I signed up for a Netflix account about six months ago and have been totally engrossed in catching up on movies I’ve never seen as well as some old favorites.
One of my favorite movies of all time, “Basquiat”, showed up in the mailbox this week – if you haven’t seen it, pop it in your queue – it’s the story of Jean Michel Basquiat – his rise to fame from a little known NYC graffiti artist to darling of the art world, friend of Andy Warhol and struggling heroin addict who died in 1988 at the age of 27 from the toll of the drug use.
The movie started my thought process about artistic communication – we’re all familiar with the famous Warhol quote “in the future, everyone will be famous for 15 minutes” — seems this quote gets more and more prophetic with the endless stream of personalities becoming famous for nothing more than appearing on a sex tape or a bland reality series.
In this day and age of MySpace, Twitter, Facebook, YouTube and Flickr, how would Andy Warhol and his predecessor, Norman Rockwell utilize the medium of the internet age?
Norman Rockwell is most famous for his illustrations of the Saturday Evening Post. The SEP was the media standard of it’s day, reaching countless subscribers. What would Rockwell paint today? Would he design backgrounds on MySpace? Would he submit his illustrations for the mastheads of CNN, MSNBC or the DrudgeReport?
As for Warhol, in addition to his soup cans, what brand would Warhol make into a pop culture phenomenon? The Apple logo or a limited edition iPod? Limited edition Nike sneakers? – in his heydey, Warhol used his own Interview magazine to spread his pop art manifesto. Of course, he would have a blog, and I imagine that he would have other people write it for him. As much as has been documented about Warhol’s love of gossip, I’m sure he’d have Perez Hilton bookmarked. Warhol had his own type of Twitter language in his diaries… his constant documentation of his day, even down to the amount he spent on taxi rides and magazines – this is in addition to the “time capsules” – countless numbers of cardboard boxes in which he collected items that passed through his daily life. How would all this artistic communication evolve with the advent of text messaging, iChat and the ability to publish with a click of a mouse?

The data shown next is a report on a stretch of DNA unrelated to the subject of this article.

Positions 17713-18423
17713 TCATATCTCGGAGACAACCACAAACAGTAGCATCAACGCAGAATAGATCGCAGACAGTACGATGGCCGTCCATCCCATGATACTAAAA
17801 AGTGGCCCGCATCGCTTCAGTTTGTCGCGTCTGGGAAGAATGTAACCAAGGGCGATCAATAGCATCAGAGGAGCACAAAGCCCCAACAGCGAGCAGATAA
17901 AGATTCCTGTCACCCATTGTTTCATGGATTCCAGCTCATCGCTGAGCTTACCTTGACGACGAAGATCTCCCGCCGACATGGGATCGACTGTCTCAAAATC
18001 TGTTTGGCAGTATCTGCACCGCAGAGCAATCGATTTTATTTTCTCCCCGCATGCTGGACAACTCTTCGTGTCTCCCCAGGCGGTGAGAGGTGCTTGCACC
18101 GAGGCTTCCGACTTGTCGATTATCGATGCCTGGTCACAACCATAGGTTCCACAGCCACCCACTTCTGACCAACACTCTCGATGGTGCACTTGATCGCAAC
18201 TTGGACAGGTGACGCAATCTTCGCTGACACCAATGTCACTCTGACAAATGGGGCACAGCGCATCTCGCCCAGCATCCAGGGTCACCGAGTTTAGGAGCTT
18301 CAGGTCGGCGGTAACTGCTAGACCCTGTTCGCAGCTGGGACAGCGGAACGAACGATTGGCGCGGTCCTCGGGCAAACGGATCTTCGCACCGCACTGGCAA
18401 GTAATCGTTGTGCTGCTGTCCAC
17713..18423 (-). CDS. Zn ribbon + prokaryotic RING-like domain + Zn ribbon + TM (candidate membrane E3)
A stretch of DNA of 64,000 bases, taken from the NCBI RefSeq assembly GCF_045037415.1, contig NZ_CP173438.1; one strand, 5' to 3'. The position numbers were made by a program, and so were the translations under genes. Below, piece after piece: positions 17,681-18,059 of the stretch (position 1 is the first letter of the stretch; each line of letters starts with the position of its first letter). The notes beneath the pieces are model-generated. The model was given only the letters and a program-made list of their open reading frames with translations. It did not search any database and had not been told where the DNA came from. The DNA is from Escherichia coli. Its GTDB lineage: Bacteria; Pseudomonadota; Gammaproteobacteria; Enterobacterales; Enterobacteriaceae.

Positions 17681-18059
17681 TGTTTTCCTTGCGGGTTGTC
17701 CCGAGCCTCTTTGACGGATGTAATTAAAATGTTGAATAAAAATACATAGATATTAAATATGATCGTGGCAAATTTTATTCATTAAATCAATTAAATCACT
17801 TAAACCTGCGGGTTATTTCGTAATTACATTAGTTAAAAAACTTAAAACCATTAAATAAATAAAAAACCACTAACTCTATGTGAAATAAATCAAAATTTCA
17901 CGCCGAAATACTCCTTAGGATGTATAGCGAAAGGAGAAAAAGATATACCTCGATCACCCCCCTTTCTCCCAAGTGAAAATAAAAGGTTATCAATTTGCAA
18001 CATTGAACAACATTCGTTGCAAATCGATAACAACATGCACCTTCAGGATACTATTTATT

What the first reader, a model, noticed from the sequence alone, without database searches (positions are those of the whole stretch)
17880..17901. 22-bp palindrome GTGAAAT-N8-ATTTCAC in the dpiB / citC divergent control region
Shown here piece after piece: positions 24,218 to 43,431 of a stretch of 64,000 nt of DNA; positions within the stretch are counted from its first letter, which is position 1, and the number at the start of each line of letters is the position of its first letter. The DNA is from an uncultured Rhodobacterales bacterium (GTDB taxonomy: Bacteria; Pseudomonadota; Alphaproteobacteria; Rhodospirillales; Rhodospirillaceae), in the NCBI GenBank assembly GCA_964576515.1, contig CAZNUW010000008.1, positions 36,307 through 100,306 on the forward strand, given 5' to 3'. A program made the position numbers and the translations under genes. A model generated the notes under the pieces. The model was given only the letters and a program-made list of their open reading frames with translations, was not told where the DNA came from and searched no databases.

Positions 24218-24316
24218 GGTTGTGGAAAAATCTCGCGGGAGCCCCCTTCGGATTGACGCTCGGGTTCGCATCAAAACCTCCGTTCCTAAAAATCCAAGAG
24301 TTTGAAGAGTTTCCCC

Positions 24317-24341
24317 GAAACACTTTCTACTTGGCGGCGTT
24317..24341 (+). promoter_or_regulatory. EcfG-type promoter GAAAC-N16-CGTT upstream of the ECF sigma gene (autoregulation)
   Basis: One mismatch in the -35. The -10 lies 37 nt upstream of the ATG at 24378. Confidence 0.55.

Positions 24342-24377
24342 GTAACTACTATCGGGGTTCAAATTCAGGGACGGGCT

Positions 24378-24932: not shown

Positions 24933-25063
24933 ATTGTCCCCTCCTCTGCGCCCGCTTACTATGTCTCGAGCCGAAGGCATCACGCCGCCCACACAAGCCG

Rather than “Elvis 11 times” or the famous portraits of Mick Jagger and Marilyn Monroe, would Andy paint Paris Hilton or those girls from “The Hills”? Would Studio54 have it’s own Flickr pool to display the photographs of the throngs of people waiting to get past the velvet rope and the photos of the wild nights experienced by the fabulous people?
All questions to ponder… but one thing is for sure, Andy Warhol would love the 21st century.